The emotional acceptance of all intelligent Earthers as one species is something that only the slow movement of generational change can achieve.  Unfortunately, this attitude won't prevail until we have endured a Dark Age (see my page on "Future History").  The principal of the equality of all citizens of Earth will be written into the Earth Unification Charter, which will be ratified on 20 July 2690.  By that time, after nearly annihilating themselves, human beings have finally attained that emotional acceptance -- the ability to look automatically beneath the surface of others. 
       But even in those more progressed times, humans will still sometimes have trouble relating to their fellows who look different from themselves or perhaps have a different cultural background.  I made a note for one of my WIPs.  A Professor visiting from the planet Krisí’i’aid (a member of Prf. A'a'ma's Bird people) says this in the course of presenting a lecture: "As a species, you humans seem to be incapable of the forbearance necessary to tolerate diversity.  Each variety sees itself as the Chosen and seeks to oppress all other varieties.  You were able to achieve peace, unity, and security only by sacrificing diversity."  The Professor goes on to discuss the situation on Krisí’i’aid, where three different intelligent species who can't interbreed and who are culturally quite different exist in harmony.  Even there, however, it took several thousand years for them to develop the capacity to differ in a civil and non-aggressive way.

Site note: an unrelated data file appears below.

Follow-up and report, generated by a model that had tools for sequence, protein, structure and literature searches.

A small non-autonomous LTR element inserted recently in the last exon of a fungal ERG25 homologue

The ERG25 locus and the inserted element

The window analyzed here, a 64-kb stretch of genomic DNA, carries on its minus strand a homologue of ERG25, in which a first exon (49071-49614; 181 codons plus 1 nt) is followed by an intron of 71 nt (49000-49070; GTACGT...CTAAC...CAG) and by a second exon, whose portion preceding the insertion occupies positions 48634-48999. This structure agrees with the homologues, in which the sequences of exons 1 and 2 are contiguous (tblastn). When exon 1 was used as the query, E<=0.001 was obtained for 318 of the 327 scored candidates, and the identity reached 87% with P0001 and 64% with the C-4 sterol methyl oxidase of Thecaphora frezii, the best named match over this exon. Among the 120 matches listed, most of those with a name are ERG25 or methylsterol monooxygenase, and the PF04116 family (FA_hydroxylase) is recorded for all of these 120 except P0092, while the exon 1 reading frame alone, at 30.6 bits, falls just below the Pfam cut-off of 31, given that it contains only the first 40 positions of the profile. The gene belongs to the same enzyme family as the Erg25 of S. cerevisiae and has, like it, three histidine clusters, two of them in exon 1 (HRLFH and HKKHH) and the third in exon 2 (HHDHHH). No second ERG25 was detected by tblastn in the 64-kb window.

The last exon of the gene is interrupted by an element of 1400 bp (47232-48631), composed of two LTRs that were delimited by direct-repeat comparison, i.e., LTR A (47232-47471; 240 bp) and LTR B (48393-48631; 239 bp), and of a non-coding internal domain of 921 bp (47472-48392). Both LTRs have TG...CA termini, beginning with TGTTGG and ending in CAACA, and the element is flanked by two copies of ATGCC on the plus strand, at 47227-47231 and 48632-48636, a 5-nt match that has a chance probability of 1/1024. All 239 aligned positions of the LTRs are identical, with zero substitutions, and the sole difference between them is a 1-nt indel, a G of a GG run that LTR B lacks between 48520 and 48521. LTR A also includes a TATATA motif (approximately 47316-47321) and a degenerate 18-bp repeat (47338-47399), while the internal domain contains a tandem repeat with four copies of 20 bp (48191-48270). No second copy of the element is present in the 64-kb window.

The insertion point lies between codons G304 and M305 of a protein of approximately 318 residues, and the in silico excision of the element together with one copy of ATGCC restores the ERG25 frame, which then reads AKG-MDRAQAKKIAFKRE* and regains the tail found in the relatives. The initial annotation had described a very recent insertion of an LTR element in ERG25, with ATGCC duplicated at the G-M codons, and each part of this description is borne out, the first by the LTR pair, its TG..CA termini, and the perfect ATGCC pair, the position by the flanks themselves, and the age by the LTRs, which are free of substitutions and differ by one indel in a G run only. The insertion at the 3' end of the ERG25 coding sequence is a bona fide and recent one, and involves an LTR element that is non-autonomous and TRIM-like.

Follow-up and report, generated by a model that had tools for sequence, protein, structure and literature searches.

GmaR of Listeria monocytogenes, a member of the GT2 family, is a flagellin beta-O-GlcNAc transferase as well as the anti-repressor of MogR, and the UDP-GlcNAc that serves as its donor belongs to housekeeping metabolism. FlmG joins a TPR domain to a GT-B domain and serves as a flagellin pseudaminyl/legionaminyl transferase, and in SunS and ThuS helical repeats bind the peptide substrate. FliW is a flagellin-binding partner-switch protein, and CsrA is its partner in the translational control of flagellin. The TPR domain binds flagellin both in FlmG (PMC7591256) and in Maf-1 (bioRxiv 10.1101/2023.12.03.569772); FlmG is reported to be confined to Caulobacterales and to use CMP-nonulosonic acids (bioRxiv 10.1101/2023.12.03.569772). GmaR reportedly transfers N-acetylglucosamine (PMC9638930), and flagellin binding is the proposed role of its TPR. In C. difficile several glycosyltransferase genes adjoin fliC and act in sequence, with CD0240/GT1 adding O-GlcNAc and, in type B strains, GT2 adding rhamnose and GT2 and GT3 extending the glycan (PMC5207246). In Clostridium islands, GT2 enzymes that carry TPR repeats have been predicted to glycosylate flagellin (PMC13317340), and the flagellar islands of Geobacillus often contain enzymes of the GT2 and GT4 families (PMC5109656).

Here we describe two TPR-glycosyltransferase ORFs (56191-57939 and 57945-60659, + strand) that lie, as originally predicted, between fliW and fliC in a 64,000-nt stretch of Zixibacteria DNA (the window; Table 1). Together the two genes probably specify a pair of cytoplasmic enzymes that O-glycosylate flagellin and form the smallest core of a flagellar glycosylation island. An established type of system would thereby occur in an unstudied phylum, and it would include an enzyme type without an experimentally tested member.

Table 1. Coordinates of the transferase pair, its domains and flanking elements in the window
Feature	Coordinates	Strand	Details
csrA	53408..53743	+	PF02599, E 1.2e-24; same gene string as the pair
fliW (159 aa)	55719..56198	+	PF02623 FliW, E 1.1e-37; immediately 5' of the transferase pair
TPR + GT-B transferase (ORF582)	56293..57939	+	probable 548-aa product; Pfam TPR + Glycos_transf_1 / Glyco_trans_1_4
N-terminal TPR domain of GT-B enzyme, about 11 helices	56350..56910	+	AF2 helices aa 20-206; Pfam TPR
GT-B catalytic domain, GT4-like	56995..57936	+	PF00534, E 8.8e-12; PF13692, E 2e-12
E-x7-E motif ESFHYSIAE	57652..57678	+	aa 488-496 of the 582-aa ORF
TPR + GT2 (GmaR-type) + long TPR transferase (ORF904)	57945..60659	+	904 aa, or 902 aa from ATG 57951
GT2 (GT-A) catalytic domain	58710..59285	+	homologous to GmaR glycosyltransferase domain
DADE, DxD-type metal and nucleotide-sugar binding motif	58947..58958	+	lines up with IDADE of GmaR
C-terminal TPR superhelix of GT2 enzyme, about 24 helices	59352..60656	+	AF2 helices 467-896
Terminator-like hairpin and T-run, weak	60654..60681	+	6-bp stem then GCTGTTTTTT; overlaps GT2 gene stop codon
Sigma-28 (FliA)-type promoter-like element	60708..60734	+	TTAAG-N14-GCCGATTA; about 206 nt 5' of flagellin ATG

So maybe there is hope for Earth yet -- it's just way far in the future.


  1. "The emotional acceptance of all intelligent Earthers as one species is something that only the slow movement of generational change can achieve."

    I hope it doesn't take us as long to achieve the above-referenced end as in your fictional universe. But I do despair of anything more timely--especially when hateful acts (such as the RNC/CNN incident) continue to make the news.

    1. Sometimes I feel I didn't make it long enough! That's something I always objected to in StarTrek - the Dark Age came in the middle of the 21st century (if I recall correctly), and by the time Capt. Kirk took his command around 2250, humankind had already reached the peaceable perfection of the Federation. That's just too fast to be believable! Technology may evolve that fast, but human behavior lags far behind!

  2. Funny. I am a Christian, but I hate admitting it, not because I doubt my faith but I can't stand that either, the touting of the good Christian. Which I'm not sure I'm nyway :) and I slam the door on the avengelic blabbers!

    1. I love that word "avengelic"! Yes, touting oneself as being a "good Christian" does suggest a bit of hubris, doesn't it? Or holier-than-thou smugness might be another way of putting it. Humility is a virtue out of fashion these days. Seriously, as a spiritual humanist I think Christianity contains many fine principles, but it's not the only ethical and spiritual life-view that has merit, and those Christian principles of loving your neighbor and turning the other cheek are much proclaimed but rarely lived up to.